whilst taking Magnesium Sulfate.
Maintenance therapy is a further 5g MgSO4 IM every
4h, continued for 24h after the last fit (provided
the respiratory rate is >16/min, urine output >25ml/h,
and knee jerks are present).
Other medicines and Magnesium Sulfate Injection
Tell your doctor or pharmacist if you are taking, have
recently taken or might take any other medicines,
including medicines obtained without a prescription.
Intravenous Maintenance Regimen
A loading dose of 4g MgSO4 IV (or in some cases
5g MgSO4 IV, as described above, is followed by an
infusion of 1g/h continued for 24h after the last fit.
Recurrent Convulsions: In both the IM and IV
regimens, if convulsions recur, a further 2-4g
MgSO4 (depending on the woman’s weight, 2g
MgSO4 if less than 70Kg is given IV over 5 min.
Doses must be reduced in renal failure. Caution must
be observed to prevent exceeding the renal excretory
capacity. The dosage should not exceed 20g in
48 hours (100ml of a 20% solution or 80mmol of
No special recommendation except in patients with
If you are given too much or too little Magnesium
As this medicine will be given to you whilst you are
in hospital, it is unlikely that you will be given too
much or too little, however, tell your doctor if you
have any concerns.
4.Possible side effects
Like all medicines, this medicine can cause side
effects, although not everybody gets them.
Contact your doctor or nurse immediately if you
get any of the following:
• Allergic reactions such as shortness of breath,
wheezing or difficulty breathing; swelling of the
face, lips, tongue or other parts of the body; rash,
itching or hives on the skin.
• High blood sugars causing severe dehydration
Other side effects:
• feeling or being sick
• flushing of the skin
• feeling thirsty
• slowed reflexes
• temporarily low blood pressure
• muscle weakness
• slowed breathing
• irregular or slow heartbeat
• heart attack
• low calcium levels in the blood (Hypocalcaemia)
• low phosphate levels in the blood
• double vision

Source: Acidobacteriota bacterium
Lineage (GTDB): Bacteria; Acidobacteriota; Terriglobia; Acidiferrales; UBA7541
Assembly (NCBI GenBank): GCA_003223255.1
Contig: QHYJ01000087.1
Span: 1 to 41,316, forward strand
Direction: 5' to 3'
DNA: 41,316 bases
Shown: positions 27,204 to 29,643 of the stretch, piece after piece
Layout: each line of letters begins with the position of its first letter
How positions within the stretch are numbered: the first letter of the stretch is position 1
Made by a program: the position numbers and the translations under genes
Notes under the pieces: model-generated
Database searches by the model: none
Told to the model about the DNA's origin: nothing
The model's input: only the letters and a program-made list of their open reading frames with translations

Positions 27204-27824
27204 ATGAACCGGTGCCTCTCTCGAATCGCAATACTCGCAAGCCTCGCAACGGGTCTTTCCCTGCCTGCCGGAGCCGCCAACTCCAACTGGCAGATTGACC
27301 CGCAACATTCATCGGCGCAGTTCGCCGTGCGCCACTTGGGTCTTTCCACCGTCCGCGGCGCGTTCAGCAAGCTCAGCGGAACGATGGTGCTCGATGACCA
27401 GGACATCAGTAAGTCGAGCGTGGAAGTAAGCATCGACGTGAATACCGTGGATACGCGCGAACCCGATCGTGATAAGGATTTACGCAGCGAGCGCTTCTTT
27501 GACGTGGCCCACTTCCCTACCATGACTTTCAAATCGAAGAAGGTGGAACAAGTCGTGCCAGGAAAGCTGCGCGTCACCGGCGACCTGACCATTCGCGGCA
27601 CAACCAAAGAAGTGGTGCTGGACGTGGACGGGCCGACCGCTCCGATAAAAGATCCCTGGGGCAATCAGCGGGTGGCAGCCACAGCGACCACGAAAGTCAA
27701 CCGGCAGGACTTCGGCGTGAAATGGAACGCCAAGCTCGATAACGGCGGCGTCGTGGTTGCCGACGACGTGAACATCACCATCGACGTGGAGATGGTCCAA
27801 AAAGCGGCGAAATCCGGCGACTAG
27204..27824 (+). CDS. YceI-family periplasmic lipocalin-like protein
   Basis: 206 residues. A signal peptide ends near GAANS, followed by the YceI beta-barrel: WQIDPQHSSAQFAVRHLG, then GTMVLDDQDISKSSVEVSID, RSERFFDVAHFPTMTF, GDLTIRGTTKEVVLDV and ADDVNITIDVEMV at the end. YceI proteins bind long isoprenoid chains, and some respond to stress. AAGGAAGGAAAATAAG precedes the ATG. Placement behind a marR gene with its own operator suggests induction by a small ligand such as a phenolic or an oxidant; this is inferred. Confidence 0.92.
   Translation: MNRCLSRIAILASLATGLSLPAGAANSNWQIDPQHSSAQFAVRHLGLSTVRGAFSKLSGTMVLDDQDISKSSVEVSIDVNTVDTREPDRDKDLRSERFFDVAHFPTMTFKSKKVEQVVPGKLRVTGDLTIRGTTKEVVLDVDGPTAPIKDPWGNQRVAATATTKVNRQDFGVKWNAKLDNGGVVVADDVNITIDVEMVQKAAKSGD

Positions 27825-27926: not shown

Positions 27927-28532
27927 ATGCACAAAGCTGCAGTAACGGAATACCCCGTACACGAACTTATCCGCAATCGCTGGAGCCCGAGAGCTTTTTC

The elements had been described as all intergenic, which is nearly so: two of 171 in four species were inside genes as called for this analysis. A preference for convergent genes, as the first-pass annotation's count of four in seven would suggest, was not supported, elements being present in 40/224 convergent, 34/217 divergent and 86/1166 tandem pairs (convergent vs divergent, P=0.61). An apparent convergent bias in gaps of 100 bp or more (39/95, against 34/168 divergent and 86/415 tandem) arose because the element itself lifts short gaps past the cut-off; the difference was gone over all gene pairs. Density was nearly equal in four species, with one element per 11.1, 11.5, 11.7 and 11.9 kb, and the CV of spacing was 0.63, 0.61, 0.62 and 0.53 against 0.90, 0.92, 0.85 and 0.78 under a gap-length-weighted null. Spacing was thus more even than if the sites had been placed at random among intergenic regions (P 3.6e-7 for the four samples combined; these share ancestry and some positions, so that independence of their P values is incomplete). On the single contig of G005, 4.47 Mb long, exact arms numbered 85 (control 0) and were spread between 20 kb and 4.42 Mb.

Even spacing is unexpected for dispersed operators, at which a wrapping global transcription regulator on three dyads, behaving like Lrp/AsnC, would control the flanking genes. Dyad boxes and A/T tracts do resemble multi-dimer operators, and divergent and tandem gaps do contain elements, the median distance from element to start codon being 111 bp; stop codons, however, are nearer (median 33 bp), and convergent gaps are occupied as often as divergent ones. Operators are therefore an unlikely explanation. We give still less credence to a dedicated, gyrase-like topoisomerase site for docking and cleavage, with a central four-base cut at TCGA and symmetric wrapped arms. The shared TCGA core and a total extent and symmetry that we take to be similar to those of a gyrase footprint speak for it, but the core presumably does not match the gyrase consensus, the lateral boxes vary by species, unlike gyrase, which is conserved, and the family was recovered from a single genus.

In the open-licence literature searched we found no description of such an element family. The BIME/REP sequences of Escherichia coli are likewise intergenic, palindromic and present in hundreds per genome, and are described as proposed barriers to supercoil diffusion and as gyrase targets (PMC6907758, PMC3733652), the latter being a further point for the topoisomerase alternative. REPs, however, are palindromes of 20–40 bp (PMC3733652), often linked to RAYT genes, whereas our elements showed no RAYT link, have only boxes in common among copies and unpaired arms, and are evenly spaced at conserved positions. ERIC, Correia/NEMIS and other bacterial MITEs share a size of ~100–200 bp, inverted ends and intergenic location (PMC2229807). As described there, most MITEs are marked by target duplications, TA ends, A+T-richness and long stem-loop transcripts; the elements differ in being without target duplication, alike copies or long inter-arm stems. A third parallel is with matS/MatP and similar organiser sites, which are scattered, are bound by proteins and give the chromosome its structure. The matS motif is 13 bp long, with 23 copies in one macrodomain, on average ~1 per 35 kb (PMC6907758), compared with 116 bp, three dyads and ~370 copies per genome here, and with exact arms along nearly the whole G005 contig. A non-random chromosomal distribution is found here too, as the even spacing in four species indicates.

• slurred speech
5.How to store Magnesium Sulfate
Keep out of the sight and reach of children.
This Magnesium Sulfate Injection should not be used
after the expiry date which is printed on the carton
and ampoule label after EXP. The doctor or nurse
will check that the expiry date on the label has not
passed before administering the injection to you.
The expiry date refers to the last day of that month.
Do not store above 25°C.
After opening the ampoule, the solution for injection
must be used immediately.
The ampoule containing the injection will only be
used for you and if any injection is left over the
doctor/nurse will dispose of it.
6.Contents of the pack and other
What Magnesium Sulfate Injection contains
The active substance is Magnesium Sulfate
Heptahydrate 2ml contains 1g Magnesium Sulfate
Heptahydrate (4mmol Mg2+)
5ml contains 2.5g Magnesium Sulfate Heptahydrate
10ml contains 5g Magnesium Sulfate Heptahydrate
The other ingredients are water for injection,
hydrochloric acid and sodium hydroxide.
What Magnesium Sulfate Injection looks like and
contents of the pack
Magnesium Sulfate sterile solution for injection/
concentrate for solution for infusion is a clear, solution
supplied in 2ml, 5ml and 10ml glass ampoules.
10 ampoules are packed in each carton.
Not all pack sizes may be marketed.
Marketing Authorisation Holder
Aurum Pharmaceuticals Ltd
Harold Hill Romford RM3 8UG
Macarthys Laboratories Ltd
Romford RM3 8UG
Product Licence No: PL 12064/0013
This leaflet was last revised in June 2017
Reporting of side effects
If you or your child gets any side effects, talk to
your doctor, pharmacist or nurse. This includes any
possible side effects not listed in this leaflet. You
can also report side effects directly via the Yellow
Card Scheme at: www.mhra.gov.uk/yellowcard. By
reporting side effects, you can help provide more
information on the safety of this medicine.
100mm Measurement Verification Bar
100mm Measurement Verification Bar
PIL MAGNESIUM SULFATE 50%
170 x 296 mm